This article uses oral history, archival research, and popular and trade publications mostly from the 1960s and the 1970s to tell the story of Action for Children's Television (ACT). An advocacy group started by a group of mothers in Newton, Massachusetts, ACT changed the way that the broadcasting industry and the Federal Communications Commission approached TV programming for children. Policymakers credit the women of ACT with shaping current children's television programming and advertising regulations. Although the group's leadership changed over time, the organisation always maintained the goals it set in the first few months of its existence. With these goals, ACT exemplified the impact that a determined advocacy group can have on government and the television industry.
In the late 1960's, television shows for children were a colorful array of cartoon supcrhcrocs and talking animals.1 On Saturday mornings, anvils and sticks of dynamite continued to foil the likes of Wile E. Coyote and Sylvester the Cat.2Faster than a speeding bullet, kids were glued to "Roger Ramjet," "Marine Boy," and "Aquaman."3 Business Week reported that A.C. Nielscn estimated that 15.6 million children tuned in to these television shows each Saturday morning.4
Though children flocked to them, researchers worried about the shows' contents. During this decade, cognitive psychologist Albert Bandura found that children acted out the violence they viewed on television.5 Educational programs such as "Romper Room" and "Captain Kangaroo" taught children letters and numbers, but they were the exception.6 By and large, broadcasters were airing programs not to positively influence children but to captivate them with colors and music. Once captured, advertisers were free to offer their wares for unsuspecting eyes. During the commercial breaks from these shows, children were bombarded with spots for sugary cereals and plastic toys7 with companies such as Mattel, General Mills, and Kellogg's spending about $70 million in advertising each year. Saturday morning programs alone garnered $20 million in 1969.8 The combination of these advertisements and the poor programming on children's shows created a television "wasteland."9 Action for Children's Television (ACT) worked to change this.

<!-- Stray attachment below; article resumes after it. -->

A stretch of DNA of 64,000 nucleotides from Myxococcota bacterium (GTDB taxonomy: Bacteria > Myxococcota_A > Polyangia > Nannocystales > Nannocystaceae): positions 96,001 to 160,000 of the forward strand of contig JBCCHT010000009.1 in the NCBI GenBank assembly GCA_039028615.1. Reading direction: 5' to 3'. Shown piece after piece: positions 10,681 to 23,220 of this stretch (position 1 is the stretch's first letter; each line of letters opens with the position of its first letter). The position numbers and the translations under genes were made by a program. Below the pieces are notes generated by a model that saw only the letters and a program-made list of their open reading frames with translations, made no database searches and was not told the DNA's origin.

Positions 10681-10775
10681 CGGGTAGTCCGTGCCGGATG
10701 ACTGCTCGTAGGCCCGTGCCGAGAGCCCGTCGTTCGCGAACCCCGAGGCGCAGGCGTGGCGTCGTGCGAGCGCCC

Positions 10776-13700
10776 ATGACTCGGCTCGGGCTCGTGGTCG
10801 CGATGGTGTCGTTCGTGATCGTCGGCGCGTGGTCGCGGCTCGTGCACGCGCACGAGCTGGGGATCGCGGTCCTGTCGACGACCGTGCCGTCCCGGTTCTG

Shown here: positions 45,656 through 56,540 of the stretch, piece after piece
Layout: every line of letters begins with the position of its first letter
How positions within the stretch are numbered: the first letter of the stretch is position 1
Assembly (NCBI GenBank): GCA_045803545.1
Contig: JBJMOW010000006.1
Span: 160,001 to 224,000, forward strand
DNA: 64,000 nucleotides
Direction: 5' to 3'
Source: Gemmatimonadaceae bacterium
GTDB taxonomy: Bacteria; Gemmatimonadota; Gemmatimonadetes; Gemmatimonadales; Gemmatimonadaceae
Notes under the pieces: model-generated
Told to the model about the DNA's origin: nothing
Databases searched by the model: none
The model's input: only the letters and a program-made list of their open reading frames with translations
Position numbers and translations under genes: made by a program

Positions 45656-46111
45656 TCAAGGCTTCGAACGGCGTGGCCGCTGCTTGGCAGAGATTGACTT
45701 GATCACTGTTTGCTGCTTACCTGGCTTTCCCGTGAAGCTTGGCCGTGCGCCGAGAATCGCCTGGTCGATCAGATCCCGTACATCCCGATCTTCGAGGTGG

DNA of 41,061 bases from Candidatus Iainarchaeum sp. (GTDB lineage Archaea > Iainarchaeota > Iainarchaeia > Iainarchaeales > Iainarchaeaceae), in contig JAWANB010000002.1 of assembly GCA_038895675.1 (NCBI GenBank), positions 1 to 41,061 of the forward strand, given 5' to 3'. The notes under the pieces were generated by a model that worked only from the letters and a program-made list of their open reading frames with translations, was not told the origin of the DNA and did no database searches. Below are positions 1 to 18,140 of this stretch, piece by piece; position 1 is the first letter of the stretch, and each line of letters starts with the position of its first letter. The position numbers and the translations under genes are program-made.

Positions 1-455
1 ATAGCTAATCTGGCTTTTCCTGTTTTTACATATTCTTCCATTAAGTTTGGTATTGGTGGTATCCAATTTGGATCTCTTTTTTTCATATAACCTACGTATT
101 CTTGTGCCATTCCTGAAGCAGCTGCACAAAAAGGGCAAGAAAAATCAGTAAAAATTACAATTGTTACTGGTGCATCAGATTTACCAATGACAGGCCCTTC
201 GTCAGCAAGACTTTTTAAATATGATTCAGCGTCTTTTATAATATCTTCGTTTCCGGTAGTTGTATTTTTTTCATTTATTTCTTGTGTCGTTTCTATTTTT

Throughout their work, the founding mothers of ACT-Lillian Ambrosino, Judith Chalfen, Peggy Charrcn, and Evelyn Sarson-made significant contributions to children's television and the overall history of broadcasting. Policymakers credit this organization with shaping present-day children's television programming and advertising regulations. The group's leadership changed over time, but it always maintained the framework that it set in its first years of existence: more educational content and fewer commercials in programs made for children. Although ACT worked to improve children's television from 1968 to 1992, this article addresses what is arguably the most pivotal time for the organization: 1968 to 1974. It is during this period that ACT established its long-time philosophies and strategics that introduced the group to the FCC and the television industry, establishing love-hate relationships that lasted for more than two decades.
The relationship an advocacy group has with regulators has been shown to be based on several factors.10 As Edwin Krasnow's and Lawrence Longley's The Politics of Broadcast Regulation addressed in 1978, the work of advocates are just one of the inputs that results in the regulators' creation of an output." The book created a policymaking model involving the FCC, Congress, the industry, citizen groups, the White House, and the courts, showing that these groups are not independent in the lawmaking process.
Citizen groups speak for the common man and generally create agendas that are designed to serve society's best interests. In Interest Groups, Lobbying, and Policymaking, Norman Ornstein and Shirley Elder said in 1978 that a group's success is based not only on its financial resources but more importantly on the motivation of its followers. …